SHTF Defense: Bows and Crossbows
Dr. John Woods 05.16.17
Though it is a takeoff from the Walking Dead, archery gear should be considered for survival defense.
Many modern bows and crossbows can achieve a 350 FPS arrow speed. That is fast. Not only that, they are fairly quiet. Of course, their biggest restriction is range. Though I am not a fan of long distance bow hunting, for a defensive weapon it probably is good to know that a stringed implement can do this if necessary.
Another hindrances for a bow or crossbow as a defensive weapon is the space needed to draw/cock and shoot one. Unlike a traditional firearm, a bow or crossbow has to have ample working space to function correctly. For a bow this means kneeling or standing with an opening large enough to sight and shoot. Crossbows of course require a wider space to prevent the limbs from hitting the sides of the window or doorway.
Stringed tools like bows and crossbows do demand a respectable degree of practice to develop the proper shooting skills for accuracy. And it does take time to nock a fresh arrow–or especially to cock a crossbow–for a second shot. Even so, there are enough positive aspects to the bow or crossbow to consider them for certain kinds of defensive work.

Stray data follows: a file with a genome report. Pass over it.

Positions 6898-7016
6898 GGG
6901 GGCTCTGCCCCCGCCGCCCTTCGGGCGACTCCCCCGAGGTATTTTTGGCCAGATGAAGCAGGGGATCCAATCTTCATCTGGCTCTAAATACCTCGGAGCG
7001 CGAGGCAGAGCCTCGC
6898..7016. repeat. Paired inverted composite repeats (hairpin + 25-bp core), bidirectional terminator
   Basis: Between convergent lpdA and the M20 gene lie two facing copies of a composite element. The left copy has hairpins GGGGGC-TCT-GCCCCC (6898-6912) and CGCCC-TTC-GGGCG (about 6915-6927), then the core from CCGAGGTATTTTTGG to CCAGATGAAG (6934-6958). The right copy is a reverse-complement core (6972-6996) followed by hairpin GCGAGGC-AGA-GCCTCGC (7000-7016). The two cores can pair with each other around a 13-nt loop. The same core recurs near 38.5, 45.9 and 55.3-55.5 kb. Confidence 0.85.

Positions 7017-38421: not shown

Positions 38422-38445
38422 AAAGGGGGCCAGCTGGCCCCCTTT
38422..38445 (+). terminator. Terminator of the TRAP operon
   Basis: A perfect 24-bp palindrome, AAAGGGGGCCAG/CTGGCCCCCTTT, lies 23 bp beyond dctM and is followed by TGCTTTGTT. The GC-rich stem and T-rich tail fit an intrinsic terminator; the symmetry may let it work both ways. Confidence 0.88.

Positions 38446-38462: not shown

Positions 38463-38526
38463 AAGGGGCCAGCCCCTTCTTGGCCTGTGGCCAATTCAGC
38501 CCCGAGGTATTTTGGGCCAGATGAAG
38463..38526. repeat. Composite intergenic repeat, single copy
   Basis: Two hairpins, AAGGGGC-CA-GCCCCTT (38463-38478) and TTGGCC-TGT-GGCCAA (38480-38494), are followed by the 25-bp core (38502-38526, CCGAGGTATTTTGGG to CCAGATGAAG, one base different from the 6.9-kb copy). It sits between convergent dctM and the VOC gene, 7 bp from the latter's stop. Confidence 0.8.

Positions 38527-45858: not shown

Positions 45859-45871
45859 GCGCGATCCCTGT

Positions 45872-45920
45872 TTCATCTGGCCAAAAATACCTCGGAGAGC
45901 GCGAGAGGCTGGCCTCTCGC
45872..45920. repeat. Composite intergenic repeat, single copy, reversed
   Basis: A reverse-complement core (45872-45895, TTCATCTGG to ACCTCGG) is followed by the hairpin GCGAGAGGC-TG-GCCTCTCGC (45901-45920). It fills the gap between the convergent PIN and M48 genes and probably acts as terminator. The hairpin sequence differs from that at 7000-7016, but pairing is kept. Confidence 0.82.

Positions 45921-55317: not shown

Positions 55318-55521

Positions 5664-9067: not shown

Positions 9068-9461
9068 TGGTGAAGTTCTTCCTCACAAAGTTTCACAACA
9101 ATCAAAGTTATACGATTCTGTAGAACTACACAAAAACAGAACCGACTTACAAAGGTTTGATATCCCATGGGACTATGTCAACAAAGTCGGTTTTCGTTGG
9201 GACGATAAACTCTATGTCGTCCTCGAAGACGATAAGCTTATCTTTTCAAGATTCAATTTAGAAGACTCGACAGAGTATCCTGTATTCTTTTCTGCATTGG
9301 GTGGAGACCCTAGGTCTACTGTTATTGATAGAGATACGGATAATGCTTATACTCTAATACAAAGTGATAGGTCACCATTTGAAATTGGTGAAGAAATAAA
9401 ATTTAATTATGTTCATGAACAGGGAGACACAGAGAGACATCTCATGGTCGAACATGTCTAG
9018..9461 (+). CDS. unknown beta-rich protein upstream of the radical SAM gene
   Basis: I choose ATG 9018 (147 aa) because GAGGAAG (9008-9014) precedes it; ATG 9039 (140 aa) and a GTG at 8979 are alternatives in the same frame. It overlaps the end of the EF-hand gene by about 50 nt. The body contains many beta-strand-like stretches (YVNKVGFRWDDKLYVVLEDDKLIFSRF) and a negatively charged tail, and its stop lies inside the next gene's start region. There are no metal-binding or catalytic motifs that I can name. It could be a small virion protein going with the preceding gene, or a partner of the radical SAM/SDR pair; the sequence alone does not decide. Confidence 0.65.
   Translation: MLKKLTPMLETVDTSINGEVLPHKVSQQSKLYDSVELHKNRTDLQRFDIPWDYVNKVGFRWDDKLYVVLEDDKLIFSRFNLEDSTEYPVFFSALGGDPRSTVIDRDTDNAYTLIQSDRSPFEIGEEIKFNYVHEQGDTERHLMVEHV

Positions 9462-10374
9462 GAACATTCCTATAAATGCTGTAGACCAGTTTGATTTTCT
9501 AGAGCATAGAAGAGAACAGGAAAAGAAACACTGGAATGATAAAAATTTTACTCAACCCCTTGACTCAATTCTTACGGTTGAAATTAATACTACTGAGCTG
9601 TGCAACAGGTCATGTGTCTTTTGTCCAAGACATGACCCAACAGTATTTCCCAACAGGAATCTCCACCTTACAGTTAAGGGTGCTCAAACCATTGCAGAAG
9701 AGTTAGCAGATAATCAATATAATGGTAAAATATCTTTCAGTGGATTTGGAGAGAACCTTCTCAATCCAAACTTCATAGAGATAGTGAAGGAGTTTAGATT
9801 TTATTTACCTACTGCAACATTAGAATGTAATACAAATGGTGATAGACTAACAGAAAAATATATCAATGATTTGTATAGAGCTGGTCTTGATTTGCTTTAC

In a survival situation, it will be nice to gather food resources while maintaining a quiet and stealth mode. If you are hiding out in the woods, you certainly want to be careful when shooting guns. Firing a round or two at a deer can attract unwanted attention, whereas a bow or crossbow can accomplish this virtually unnoticed. That is a good thing.
If you are new to archery, I recommend a visit to a well-stocked archery shop that has a salesperson willing to spend the time to set you up properly. These tools often require some fitting to the user in terms of draw length and other user issues.
What do you think? Would you consider a bow and/or crossbow as a primary or backup tool for prep and survival work?